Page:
I recently went kayaking and while I was out on the water, I had these observations about the similarities between kayaking and having a difficult conversation at work:
1. Do the hard part first. In the kayak, paddle into the wind first, if you have a choice. Size up the waterway, the wind, and any other environmental factors you are aware of and chart your course accordingly. Focus on the most difficult part first, paddling into the wind if you must.
At work, get the hard part of the conversation over and done with first. If you’ve got difficult news to deliver, be direct and be swift (and diplomatic, of course!). You’ll also come across as more sincere. It leaves a bad impression when you make small talk for 15 minutes and then deliver bad news.
2. You have to steer to get where you want to go. The kayak won’t naturally take you where you want to go without you being cause in the matter. You may have to paddle hard to the right to explore the cove you’ve spotted up ahead.
And in conversation, you can’t expect it to naturally go where you want it to when you have a specific topic you need to discuss. A hope and a prayer won’t get you there. You have to take conscious, deliberate action to move the conversation to where you need it to go.
3. Coasting is unpredictable. Sometimes in the kayak you need to rest. Or you want to. Whether your arms ache from paddling or you just want to soak in the moment, coasting is important. But it is incredibly unpredictable. Even if you think you’ve accounted for the wind and the waves and you think you know where they will take you, you don’t.
Likewise in conversation: when you take your eye off the target and lose focus on where you want the conversation go, you will most likely end up in unfamiliar territory. You might really enjoy where it takes you. Or, you might find yourself treading water on a dicey topic. It can be fun. It can be dangerous. It can be both – at the same time!
4. It will be messy. In the kayak you will get splashed. Even if you are an experienced kayaker, be prepared to get wet. Water drips from the paddle, it splashes from the waves, it seeps into your shorts and soaks the magazine you brought along to read when you found that “perfect spot.”
The conversation will go somewhere unanticipated. It will be uncomfortable. It will be difficult. You will make mistakes, say the wrong thing, be misinterpreted. Despite your best intentions. But the trust and respect that comes from taking on a difficult topic will deepen the relationship and make the mess worthwhile.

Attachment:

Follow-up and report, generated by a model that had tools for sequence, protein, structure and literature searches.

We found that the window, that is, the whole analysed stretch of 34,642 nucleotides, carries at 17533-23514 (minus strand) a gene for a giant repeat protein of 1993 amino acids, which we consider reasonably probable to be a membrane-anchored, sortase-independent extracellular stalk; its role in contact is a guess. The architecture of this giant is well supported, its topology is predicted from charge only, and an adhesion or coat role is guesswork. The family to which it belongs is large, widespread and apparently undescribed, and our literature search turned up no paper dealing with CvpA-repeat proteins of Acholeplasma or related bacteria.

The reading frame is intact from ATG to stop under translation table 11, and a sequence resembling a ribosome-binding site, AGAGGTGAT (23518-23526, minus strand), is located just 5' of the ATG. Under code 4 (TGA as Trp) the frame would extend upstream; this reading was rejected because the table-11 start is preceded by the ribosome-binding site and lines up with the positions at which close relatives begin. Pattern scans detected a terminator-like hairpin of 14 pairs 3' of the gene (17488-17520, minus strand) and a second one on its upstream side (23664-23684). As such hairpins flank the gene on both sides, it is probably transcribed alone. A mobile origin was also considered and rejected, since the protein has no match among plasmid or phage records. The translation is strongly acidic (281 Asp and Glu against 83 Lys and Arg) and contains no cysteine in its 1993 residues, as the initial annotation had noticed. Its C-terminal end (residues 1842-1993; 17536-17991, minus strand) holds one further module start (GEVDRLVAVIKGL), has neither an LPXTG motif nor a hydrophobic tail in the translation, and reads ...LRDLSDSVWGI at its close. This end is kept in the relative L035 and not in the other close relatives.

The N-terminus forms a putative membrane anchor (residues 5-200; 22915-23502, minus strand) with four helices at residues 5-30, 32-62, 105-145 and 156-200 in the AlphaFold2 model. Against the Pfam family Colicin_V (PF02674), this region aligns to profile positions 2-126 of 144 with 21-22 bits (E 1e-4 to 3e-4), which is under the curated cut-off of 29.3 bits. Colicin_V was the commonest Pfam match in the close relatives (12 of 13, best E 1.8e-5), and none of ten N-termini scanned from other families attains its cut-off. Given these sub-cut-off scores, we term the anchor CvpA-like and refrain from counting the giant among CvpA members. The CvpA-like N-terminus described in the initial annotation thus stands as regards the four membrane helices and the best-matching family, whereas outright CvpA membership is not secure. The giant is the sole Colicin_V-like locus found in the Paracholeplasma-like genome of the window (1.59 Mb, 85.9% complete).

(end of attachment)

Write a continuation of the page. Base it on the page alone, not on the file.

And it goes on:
5. The “other guy” doesn’t have it as easy as it seems. The guy who passes you with a friendly wave from his sailboat, looking like he has the wind at his back and hardly has to do anything to zip past you has had his own share of challenges. Sure, he makes it look easy, but there’s a lot of hard work and effort that went into that.
And the person at work who makes salary negotiation, giving critical feedback and conducting performance reviews look easy has had to work hard to develop those skills. For most people, effectively conducting difficult discussions does not come naturally. Honor the work that has gone into learning the important skill of facilitating tough conversations.
6. There will be unexpected surprises. You will be paddling along in the most peaceful part of the lake. You will be thinking deep thoughts or no thoughts whatsoever. And a big fish will jump right near your kayak, startling you practically out of the boat.
The conversation will be going swimmingly. And then your counterpart shares some unknown facts or some difficult news. Or perhaps it’s good news. Either way, it may knock you off balance. That’s okay. It’s bound to happen. Steady yourself, take a deep breath, and listen deeply. You’ll know what to say next.
7. Take risks. Be vulnerable. Take the life jacket off. Live a little. What’s the fun of going all the way out into the middle of the lake if you don’t enjoy the feel of the warm sun on your shoulders?
In conversation, take a risk. Say what you need to say, even if it may not be well received. Be courageous and speak up. Deliver the difficult feedback to the person who would benefit immeasurably from knowing. Step up to the challenge.
8. You can go farther than you think you can. Your arms may be sore from paddling. The hot sun may be beating down on your back and bouncing off the water onto your face. You may be tired, but you can always paddle one more stroke. You really CAN make it to the other side of the lake or miles upstream or wherever you’re headed. And even farther.
You can build more trust and more respect into that conversation and take it farther than you thought it could go. You can learn more about the other person, disclose more about yourself, and see where the conversation takes you. You can go farther in one conversation than you ever thought you could.
9. You don’t have to be an expert to succeed. A beginning kayaker gets out onto the water and experiments. The mere act of getting in the boat, learning to paddle and making the vessel glide through the water, with even moderate proficiency is a huge success.
And in conversation, you don’t need to be an expert at facilitating dialogue to get great outcomes. You took on a tough subject, raised a sensitive issue. That alone is something many people shirk from. You are a success because you had the courage to take it on. Bravo!
10. It is rewarding. In the kayak, you can go places you’ve never been. And you can see sights you’ve seen thousands of times from a new perspective. You came. You paddled. You saw. The rewards are limitless.
After the conversation you’ll be proud of yourself for initiating it. And the rewards will last long after the conversation is over. You’ll reap the rewards through your increased confidence, your track record, and most likely, a successful resolution to a difficult situation. Paddle on!
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